Is Talking Enough?

3 minute
The Prejudice that Didn't Last (3).jpg

She was eagerly waiting for her ultrasound reports. Although she knew she didn't need to. The symptoms were plenty; the signs pointed singularly - PCOS. She had always wanted to be one in a million, one in a billion perhaps. Here she was - just a one in a seven. Every one in seven women gets diagnosed with PCOS. And Vaani had become its latest victim.

The phone buzzed. It was her alarm. Her eyes looked at the time: 7.30 AM. She had to submit her due at her office in under 30 minutes. But she simply couldn't bother thinking of her assignment and snoozed it away.

If one has irregular periods and increased androgen levels, one can be reasonably certain of having PCOS. Vaani, clearly, had both. Yet, she hoped against hope for the ultrasound to turn out in her favor. Her doctor had already diagnosed her with PCOS and asked her to start exercising.

Yet, Vaani kept looking at her male hormone levels on her blood test. To stick out, the raised values were colored in red. She nervously stared at the red numerals. The red reminded her of all the blood she had been losing during her last few menstrual cycles. She quickly opened her diary to look into the calendar. Once again. 28, 30, 35, 39. The gaps did not look good.

Constantly recalibrating your beliefs based on presented evidence is a part of Bayesian thinking. The evidence said PCOS. In bold and caps. And in red. She was great at Bayesian reasoning, but the red had clouded everything this time. Infertility. Diabetes. Raised risk of cardiac arrest.

This was all too much for the young Vaani to take in. She was ambitious, straightforward, and straight. Increased health risks posed question marks over her career goals and infertility raised concerns over her intense desire to have a family of her own. She had always wanted to become a great novelist. Austen was her hero. The idea of being the next Austen always excited her. She had been prepping herself towards the marathon writing exercise of penning a novel by challenging herself by writing short stories. She always wanted to talk about the desires of women, often inspired by Austen. Just as she was wondering about her future, she felt it. Yet again. The intolerable blood rush. It was getting worse and worse. She very well knew that heavy menstrual bleeding was also a symptom of the much dreaded PCOS. The pills had stopped being of much help by now. And...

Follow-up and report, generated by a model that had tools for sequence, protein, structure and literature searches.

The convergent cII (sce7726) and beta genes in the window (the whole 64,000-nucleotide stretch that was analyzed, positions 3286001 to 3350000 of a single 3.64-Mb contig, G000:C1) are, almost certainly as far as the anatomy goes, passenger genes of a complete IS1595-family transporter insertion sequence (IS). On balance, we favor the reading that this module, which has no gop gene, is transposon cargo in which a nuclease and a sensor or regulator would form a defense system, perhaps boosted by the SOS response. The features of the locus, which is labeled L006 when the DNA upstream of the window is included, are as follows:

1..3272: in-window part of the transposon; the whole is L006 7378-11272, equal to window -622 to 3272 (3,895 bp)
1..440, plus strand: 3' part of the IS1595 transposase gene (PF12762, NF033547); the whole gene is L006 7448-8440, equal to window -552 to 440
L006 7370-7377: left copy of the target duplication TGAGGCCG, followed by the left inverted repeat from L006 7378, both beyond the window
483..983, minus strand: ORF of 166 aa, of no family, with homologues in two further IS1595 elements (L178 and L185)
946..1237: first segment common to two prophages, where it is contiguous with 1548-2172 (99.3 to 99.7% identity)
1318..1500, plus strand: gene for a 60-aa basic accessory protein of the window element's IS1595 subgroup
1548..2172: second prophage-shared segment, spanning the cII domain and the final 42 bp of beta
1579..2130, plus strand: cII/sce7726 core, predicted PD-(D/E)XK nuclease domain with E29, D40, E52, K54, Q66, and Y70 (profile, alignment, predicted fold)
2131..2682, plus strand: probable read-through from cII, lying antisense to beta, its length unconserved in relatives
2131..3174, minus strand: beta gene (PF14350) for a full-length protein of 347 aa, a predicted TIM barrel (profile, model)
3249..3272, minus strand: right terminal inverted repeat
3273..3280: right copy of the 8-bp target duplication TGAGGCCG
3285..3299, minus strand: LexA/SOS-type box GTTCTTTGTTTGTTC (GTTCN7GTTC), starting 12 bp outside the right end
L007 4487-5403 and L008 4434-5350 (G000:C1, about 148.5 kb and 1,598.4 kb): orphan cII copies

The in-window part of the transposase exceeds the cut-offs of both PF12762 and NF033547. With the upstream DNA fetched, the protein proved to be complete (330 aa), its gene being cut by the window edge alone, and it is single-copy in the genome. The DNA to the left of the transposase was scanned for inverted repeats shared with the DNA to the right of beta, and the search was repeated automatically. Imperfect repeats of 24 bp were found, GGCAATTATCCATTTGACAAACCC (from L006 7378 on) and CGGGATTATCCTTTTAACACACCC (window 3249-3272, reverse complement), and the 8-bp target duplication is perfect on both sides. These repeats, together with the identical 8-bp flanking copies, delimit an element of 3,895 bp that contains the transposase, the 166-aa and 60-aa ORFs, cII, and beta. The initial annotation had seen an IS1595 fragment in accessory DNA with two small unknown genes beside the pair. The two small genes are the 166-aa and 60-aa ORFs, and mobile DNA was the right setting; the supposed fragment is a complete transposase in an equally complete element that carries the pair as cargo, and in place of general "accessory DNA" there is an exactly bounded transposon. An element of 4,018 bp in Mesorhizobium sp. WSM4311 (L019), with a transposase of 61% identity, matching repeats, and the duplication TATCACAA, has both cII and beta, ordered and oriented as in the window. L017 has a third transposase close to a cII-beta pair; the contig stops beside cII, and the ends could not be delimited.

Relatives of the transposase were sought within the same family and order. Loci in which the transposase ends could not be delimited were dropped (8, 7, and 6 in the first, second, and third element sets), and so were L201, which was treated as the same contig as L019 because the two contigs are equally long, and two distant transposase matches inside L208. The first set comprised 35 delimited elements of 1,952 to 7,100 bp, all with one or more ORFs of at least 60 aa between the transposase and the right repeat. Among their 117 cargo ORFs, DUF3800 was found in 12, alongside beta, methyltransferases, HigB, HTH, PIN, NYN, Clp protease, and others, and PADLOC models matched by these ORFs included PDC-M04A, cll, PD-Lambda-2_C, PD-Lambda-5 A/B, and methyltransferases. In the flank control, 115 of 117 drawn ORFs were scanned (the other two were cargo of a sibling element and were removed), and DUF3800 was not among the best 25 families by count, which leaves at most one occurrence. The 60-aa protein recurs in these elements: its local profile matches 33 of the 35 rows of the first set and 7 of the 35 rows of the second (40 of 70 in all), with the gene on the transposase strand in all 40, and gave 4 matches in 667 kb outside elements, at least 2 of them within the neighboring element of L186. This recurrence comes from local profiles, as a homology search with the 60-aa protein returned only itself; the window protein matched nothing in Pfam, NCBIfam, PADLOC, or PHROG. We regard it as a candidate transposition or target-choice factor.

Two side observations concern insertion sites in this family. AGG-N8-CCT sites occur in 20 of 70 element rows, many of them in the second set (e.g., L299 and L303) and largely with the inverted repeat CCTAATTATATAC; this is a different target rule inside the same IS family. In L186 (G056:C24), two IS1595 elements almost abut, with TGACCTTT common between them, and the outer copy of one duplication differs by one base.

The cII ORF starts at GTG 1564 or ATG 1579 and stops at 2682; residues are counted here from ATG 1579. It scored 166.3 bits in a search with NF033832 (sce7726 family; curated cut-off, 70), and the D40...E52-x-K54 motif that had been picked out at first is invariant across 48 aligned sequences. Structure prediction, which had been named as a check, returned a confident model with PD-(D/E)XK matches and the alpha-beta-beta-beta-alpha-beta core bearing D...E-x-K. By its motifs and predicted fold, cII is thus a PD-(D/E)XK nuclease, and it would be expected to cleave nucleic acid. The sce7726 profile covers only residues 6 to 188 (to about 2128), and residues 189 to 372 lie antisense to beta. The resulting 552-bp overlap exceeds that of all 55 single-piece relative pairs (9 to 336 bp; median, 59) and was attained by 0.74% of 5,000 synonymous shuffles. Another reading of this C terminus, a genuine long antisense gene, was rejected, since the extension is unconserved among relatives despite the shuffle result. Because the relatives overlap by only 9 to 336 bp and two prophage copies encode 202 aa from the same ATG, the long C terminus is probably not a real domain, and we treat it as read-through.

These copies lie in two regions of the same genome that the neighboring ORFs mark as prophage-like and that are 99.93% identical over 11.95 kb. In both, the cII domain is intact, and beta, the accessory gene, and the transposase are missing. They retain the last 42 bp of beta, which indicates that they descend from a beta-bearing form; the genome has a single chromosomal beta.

The phone buzzed. This time, 7:45 AM. Vaani, yet unmoved, waited for the lab to send her reports early in the morning as they had promised.

Meanwhile, her manager at her Global Women Company's office was frustrated. Vaani's article was the only item that was due. The women's voice e-mag had left no stone unturned in trying to TALK about women's issues week after week. The manager was over-excited about this week's theme. The over-excitement was slowly turning into over-irritation. And it was visible. The cause was a young promising writer who had yet not turned in her short story on this week's theme by the deadline. The manager, red with anger, picked up her phone with clear intentions...

Vaani's phone rang. She thinks it's finally the lab. But it is her alarm again. 8:00 AM. Annoyed with the snooze, she decides to kill the alarm. But as she goes to do it, this time around, her eyes go down, and the alarm title reads the dreaded PCOS.

PS: For anyone wondering why the manager's call didn't reach Vaani on time, it was still stuck on the coronavirus message. :P

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